I wish I had been at Chiang’s, but alas, no.
Had I intended to express a parallel between an expensive stockpot and a Stradivarius, I have the vocabulary and typing skills to have done so.
But I didn’t intend to say that.
So I didn’t.
People have also been cooking in ceramic and clay and iron and cast iron and steel and stainless for most of those millennia.
Thus my proposal for a scientific blind taste test – and if it’s YOUR pot, you don’t get to taste, because your impressions are affected by your emotions (and that’s okay – that’s NOT a slam).
A person with functional hearing and a passing familiarity with music can tell the difference between a Strad and a grade-school violin. That’s been proven (no, I don’t care enough to research and quote the studies).
I simply don’t believe that the price of the pot affects the quality of the stock to a noticeable degree. And it’s okay if you don’t agree with me – but please don’t question my intent or my intelligence, or try to tell me I meant to say something other than what I said as you do so.
Liek Pepsi test – whatever it is called.
LOL. Your intent doesn’t define the universe of allowable analogy. The analogy is apt.
For how many thousands of years have people been cooking in steel and stainless?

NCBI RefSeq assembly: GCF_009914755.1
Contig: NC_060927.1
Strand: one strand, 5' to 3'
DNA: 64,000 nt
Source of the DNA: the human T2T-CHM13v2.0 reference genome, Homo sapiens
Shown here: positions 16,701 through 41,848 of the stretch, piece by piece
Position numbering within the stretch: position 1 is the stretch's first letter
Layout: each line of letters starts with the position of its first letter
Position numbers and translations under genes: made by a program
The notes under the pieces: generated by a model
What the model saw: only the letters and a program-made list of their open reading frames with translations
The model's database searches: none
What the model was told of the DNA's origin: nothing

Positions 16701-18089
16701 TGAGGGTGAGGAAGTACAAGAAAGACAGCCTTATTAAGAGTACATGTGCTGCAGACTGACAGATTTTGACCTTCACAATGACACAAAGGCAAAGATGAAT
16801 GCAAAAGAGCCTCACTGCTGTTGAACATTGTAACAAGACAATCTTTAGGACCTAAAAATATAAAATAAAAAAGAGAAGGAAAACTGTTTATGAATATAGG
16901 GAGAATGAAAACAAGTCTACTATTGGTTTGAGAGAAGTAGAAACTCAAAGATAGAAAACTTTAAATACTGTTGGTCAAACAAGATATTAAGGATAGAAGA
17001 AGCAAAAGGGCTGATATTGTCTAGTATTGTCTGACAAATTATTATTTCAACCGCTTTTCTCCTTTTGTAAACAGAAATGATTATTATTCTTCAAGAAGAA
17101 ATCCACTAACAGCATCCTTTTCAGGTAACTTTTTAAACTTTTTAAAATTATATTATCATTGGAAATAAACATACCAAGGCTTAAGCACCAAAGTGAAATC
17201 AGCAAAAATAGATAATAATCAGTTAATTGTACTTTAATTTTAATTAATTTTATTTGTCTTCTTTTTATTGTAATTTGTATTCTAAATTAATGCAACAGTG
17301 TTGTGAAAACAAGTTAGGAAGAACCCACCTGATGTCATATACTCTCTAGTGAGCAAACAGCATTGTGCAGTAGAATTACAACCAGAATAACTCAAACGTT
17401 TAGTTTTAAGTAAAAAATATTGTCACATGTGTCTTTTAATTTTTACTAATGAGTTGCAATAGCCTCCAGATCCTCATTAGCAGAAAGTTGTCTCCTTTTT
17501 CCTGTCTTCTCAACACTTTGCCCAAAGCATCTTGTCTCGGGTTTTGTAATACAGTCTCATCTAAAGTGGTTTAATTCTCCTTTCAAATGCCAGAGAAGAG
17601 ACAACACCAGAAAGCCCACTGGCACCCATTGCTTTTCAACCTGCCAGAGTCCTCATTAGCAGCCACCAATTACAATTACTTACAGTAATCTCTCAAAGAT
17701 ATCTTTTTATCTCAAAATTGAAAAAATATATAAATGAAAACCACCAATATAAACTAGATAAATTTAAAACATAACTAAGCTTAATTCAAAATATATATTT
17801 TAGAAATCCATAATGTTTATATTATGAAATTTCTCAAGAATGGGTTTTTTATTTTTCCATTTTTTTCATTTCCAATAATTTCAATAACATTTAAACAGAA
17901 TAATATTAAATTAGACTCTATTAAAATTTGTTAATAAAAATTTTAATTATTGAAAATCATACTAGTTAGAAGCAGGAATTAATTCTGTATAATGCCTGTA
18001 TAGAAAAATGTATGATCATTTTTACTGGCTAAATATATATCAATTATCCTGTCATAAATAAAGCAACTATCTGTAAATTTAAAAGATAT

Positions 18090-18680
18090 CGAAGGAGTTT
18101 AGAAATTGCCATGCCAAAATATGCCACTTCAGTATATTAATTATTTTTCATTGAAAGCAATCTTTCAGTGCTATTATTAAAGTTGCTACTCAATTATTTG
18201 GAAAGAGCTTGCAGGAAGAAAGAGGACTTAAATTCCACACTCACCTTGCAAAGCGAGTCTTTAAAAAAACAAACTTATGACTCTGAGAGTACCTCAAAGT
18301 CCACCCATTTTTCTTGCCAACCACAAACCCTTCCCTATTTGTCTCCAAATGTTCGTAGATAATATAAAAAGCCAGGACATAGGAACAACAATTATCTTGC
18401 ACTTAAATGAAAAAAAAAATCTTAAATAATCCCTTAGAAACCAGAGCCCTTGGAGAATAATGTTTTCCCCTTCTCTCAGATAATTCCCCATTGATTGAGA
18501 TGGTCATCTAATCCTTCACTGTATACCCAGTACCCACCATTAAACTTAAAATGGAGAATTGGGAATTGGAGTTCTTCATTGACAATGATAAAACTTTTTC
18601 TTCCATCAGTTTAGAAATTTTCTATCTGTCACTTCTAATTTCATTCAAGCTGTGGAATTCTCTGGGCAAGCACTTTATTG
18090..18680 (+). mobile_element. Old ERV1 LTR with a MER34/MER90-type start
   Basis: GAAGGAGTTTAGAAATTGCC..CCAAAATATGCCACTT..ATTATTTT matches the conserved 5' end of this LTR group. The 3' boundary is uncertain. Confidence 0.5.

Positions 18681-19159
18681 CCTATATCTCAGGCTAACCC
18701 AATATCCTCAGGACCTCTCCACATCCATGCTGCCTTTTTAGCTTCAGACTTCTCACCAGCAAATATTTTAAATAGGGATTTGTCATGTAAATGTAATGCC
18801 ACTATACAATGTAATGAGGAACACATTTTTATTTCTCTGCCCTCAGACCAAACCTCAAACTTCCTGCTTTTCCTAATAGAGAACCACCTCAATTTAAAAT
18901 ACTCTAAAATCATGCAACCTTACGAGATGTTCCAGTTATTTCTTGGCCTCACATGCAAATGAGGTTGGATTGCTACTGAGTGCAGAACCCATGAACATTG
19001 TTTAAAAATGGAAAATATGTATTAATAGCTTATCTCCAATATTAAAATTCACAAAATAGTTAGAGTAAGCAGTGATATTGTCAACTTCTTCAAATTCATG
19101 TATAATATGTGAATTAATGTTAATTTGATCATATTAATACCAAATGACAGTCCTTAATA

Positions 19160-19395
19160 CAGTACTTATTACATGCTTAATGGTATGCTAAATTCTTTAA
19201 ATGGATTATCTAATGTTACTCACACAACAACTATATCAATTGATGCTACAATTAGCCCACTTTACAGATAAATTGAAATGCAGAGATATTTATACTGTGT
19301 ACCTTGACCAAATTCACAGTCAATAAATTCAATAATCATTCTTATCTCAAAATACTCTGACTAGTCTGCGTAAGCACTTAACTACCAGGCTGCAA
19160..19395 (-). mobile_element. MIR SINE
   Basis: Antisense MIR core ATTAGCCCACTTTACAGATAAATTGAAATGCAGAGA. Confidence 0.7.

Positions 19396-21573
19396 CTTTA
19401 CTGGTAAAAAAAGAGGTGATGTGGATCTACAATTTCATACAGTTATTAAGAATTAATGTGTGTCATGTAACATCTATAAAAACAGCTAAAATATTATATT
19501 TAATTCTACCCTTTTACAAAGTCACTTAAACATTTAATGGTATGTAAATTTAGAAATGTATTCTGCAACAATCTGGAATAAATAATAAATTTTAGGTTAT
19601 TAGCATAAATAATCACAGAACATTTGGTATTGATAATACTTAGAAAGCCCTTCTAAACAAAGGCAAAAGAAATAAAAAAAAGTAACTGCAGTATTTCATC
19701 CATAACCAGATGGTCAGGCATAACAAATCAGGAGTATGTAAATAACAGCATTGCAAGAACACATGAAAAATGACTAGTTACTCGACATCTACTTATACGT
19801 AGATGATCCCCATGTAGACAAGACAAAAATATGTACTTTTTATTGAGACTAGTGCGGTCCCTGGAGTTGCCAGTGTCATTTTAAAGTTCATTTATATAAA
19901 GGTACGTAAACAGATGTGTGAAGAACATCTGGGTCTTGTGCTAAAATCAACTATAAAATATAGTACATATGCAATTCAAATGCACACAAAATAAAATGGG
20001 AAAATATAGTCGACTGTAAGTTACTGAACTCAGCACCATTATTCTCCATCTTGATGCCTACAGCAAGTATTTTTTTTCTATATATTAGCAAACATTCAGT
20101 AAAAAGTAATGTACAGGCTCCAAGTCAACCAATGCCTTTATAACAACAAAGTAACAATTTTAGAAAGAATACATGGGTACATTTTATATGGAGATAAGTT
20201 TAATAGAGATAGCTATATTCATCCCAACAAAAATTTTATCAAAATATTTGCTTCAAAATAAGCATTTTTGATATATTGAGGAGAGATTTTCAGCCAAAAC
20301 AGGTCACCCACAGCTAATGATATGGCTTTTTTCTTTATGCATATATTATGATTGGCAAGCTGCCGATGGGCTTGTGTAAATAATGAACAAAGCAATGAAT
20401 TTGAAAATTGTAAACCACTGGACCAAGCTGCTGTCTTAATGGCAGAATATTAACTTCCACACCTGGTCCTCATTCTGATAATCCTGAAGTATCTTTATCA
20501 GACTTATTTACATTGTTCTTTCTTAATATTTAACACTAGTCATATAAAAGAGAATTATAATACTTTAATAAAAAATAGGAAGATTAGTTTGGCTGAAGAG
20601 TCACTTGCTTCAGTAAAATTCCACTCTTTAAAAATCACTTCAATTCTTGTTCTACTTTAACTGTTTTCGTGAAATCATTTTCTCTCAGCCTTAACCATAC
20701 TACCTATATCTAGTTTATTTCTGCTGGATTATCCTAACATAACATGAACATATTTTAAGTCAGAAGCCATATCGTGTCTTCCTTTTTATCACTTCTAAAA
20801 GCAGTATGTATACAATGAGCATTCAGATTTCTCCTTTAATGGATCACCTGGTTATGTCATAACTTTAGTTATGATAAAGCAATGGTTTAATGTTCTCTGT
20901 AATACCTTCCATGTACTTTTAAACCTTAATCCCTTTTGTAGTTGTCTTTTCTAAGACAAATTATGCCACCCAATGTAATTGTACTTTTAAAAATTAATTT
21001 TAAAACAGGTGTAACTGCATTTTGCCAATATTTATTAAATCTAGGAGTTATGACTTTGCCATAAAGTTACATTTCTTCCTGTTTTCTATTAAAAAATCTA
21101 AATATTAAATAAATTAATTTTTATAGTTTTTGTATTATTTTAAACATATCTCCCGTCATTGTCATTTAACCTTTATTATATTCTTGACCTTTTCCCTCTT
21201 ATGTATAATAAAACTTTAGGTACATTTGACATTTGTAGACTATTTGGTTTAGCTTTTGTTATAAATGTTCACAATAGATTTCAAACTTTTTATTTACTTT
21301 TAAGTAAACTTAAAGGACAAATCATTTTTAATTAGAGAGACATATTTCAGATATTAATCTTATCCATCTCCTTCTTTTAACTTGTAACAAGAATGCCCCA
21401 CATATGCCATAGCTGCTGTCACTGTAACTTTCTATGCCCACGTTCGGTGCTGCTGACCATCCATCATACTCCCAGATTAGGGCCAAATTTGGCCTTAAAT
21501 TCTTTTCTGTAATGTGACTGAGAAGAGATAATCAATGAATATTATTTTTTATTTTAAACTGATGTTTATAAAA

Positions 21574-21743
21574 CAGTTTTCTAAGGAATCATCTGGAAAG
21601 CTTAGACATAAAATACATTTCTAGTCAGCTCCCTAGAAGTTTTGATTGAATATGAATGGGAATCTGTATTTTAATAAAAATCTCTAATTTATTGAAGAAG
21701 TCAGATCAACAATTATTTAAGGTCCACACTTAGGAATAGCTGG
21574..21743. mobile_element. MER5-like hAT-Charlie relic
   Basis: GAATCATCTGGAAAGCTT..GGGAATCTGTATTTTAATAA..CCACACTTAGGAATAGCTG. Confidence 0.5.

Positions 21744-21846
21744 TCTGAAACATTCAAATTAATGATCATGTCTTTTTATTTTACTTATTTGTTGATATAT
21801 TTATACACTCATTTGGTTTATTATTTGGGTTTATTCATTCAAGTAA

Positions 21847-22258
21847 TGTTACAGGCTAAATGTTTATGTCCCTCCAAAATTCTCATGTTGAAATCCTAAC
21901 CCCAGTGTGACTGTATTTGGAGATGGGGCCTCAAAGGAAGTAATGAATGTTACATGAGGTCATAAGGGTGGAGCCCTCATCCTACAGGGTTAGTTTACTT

Despite your splenetic, I agree that price alone doesn’t affect quality–in violins, pans, or anything. However, the price of things like violins and pans is actually a decent indicator of value, which is also an indicator of quality in a functioning market. Try selling a Speckleware canner for $1K.
An issue in these discussions is always uninformed opinion. Very few people, even professional chefs, have cooked in pots of this quality, yet many who haven’t are quick to opine. It’s like the vegan sommelier who
recs a wine to go with tonight’s lamb. Maybe you have made stocks in pots of this quality, and have noticed no differences. News flash: that doesn’t mean no differences exist.
kaleo, as I wrote earlier, when I was cooking for my now deceased dog, I made chicken and just rediculously good stock in the PC. So good I actually had to delute it. How could anything be better than that. Spend a grand if you wish. But don’t pretend that your end result is going to be better.
Great, agreed, PCs make excellent stock.( You realize you just gave yourself a 10.0, right?) No room for improvement?
And I’m not buying this pot, so I’m not imagining anything. But I do think it’s a better tool for stocks and consomme.
I now own 3 BCC pots & pans - a 3 QT sauté, a 6QT casserole, and the 14 QT stock pot. I use them all, and enjoy cooking with them. They are all made from thick 3mm copper lined with tin, and perform very well. These are traditional hand-made artisanal products manufactured without compromise. These are not disposable products but pieces built for the ages which will be passed to future generations. And yes, they are expensive, but I am quite happy to support the return of high-quality copper cookware manufacturing to North America.